March 17, 2018 9:09:07 PM
The contents of this article have been modified since its original posting.
A Columbus police officer will face the city council in executive session Tuesday after apparently being stopped in Starkville recently for driving under the influence.
A Starkville police officer pulled over Sgt. Louis Alexander earlier this month, according to Starkville Police Chief Frank Nichols, but he did not specify the date.
Nichols did not release any details of the stop, including the reason the officer initiated it, but he said Alexander wasn't charged.
Multiple Columbus city officials, who spoke on the condition they would not be named, said CPD Chief Fred Shelton notified them of the stop Friday morning just before The Dispatch's original story on the incident published.
The officials indicated Alexander had failed a breathalyzer after he was stopped. Instead of Alexander being arrested, a Columbus city employee was called to pick him up.
Officials said the council intends to discuss the personnel matter during its meeting Tuesday, which starts at 5 p.m.
Columbus Public Information Officer Joe Dillon acknowledged the incident on Friday to The Dispatch but offered no details.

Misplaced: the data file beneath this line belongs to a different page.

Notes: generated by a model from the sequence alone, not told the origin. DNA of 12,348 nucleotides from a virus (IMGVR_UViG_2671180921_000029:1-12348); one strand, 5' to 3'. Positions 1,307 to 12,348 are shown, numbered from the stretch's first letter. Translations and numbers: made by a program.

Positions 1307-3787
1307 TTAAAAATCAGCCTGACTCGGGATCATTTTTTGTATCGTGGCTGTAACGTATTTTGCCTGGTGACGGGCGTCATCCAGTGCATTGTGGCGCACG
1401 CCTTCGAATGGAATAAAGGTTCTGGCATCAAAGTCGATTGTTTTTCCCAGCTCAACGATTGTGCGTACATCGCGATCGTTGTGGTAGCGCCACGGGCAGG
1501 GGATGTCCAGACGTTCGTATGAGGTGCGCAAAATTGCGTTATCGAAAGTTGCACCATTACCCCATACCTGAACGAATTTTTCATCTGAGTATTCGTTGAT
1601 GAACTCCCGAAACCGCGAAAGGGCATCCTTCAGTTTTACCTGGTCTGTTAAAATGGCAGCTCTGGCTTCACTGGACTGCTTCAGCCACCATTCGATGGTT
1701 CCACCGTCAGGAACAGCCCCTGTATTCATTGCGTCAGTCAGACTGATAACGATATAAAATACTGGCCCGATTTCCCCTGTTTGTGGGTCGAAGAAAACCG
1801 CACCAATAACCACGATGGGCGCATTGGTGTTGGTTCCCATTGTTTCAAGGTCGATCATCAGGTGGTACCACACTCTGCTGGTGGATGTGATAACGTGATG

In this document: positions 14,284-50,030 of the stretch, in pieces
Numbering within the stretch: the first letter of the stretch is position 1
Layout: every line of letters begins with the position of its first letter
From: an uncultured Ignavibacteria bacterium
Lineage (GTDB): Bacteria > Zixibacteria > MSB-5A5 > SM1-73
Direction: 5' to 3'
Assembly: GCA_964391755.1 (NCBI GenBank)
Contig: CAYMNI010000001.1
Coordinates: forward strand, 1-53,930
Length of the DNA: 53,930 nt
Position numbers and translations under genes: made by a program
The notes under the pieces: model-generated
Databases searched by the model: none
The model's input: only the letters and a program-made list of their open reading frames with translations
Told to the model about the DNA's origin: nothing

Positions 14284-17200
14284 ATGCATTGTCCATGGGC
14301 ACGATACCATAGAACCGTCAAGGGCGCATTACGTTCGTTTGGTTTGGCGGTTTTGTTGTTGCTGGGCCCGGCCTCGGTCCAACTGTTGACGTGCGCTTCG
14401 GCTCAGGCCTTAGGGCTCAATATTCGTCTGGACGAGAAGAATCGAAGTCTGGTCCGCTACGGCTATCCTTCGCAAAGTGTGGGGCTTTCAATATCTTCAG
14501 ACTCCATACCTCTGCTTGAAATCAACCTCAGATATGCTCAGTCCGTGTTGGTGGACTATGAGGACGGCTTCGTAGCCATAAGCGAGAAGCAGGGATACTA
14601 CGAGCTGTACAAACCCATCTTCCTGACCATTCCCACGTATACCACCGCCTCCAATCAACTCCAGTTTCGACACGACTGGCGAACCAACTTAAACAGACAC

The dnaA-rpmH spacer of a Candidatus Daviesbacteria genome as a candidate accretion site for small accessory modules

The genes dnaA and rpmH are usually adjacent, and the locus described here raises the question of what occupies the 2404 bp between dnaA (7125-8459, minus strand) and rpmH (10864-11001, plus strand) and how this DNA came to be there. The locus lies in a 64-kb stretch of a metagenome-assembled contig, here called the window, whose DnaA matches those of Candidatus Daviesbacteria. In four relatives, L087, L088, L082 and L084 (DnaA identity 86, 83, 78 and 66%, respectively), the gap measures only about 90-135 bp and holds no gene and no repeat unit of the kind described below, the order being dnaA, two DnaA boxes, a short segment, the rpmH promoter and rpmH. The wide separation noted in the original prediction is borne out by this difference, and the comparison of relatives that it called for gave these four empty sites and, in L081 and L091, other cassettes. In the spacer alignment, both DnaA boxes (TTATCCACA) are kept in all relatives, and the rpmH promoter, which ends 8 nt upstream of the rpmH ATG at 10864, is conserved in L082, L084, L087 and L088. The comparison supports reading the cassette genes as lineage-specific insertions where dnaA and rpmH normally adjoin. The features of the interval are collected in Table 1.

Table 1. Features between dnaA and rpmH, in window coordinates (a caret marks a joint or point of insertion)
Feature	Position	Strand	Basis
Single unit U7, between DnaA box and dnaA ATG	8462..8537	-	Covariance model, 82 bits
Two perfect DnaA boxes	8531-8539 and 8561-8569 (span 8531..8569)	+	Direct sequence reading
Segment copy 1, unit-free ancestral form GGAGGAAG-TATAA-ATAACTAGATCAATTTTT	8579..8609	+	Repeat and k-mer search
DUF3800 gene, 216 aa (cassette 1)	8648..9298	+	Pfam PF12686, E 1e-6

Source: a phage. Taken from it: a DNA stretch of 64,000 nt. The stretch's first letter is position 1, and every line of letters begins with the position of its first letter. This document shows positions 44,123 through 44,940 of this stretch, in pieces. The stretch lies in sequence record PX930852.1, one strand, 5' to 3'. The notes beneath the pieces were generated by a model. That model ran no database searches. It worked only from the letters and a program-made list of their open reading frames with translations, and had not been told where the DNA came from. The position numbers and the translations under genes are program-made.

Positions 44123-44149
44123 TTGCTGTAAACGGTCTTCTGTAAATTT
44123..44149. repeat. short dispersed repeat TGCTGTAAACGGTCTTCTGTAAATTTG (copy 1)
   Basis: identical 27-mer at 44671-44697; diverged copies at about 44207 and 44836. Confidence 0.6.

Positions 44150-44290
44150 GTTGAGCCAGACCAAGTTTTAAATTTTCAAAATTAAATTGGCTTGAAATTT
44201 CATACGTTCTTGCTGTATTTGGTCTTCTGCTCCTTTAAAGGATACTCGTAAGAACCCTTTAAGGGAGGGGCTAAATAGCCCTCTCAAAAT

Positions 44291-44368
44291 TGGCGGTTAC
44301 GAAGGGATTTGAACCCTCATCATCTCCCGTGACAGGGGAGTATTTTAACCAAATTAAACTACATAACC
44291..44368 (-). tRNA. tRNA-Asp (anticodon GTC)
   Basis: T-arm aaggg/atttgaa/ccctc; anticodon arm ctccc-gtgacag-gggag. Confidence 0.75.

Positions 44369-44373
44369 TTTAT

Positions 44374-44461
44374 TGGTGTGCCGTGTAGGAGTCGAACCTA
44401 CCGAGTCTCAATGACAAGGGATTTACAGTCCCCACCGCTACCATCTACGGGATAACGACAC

"The city of Columbus is aware of the incident and is currently conducting an investigation," he said.
Alexander is a part-time patrol sergeant who works 20 hours per week, Dillon said. However, city sources said Alexander apparently claimed to be the "interim assistant chief" when he was pulled over.
Dillon, as well as other city officials, said there is no such position at CPD.
Nichols, when contacted Friday morning, defended his department's actions.
"I understand because of who it is that it makes it political," Nichols said. "We don't get involved in stuff like that. If there was a reason to charge (Alexander), I believe he would have been charged."
The Dispatch has submitted a written public records request to SPD, as well as Starkville Mayor Lynn Spruill, City Clerk Lesa Hardin and City Attorney Chris Latimer for all records related to the stop, including officer body camera footage.
Zack Plair is the managing editor for The Dispatch.
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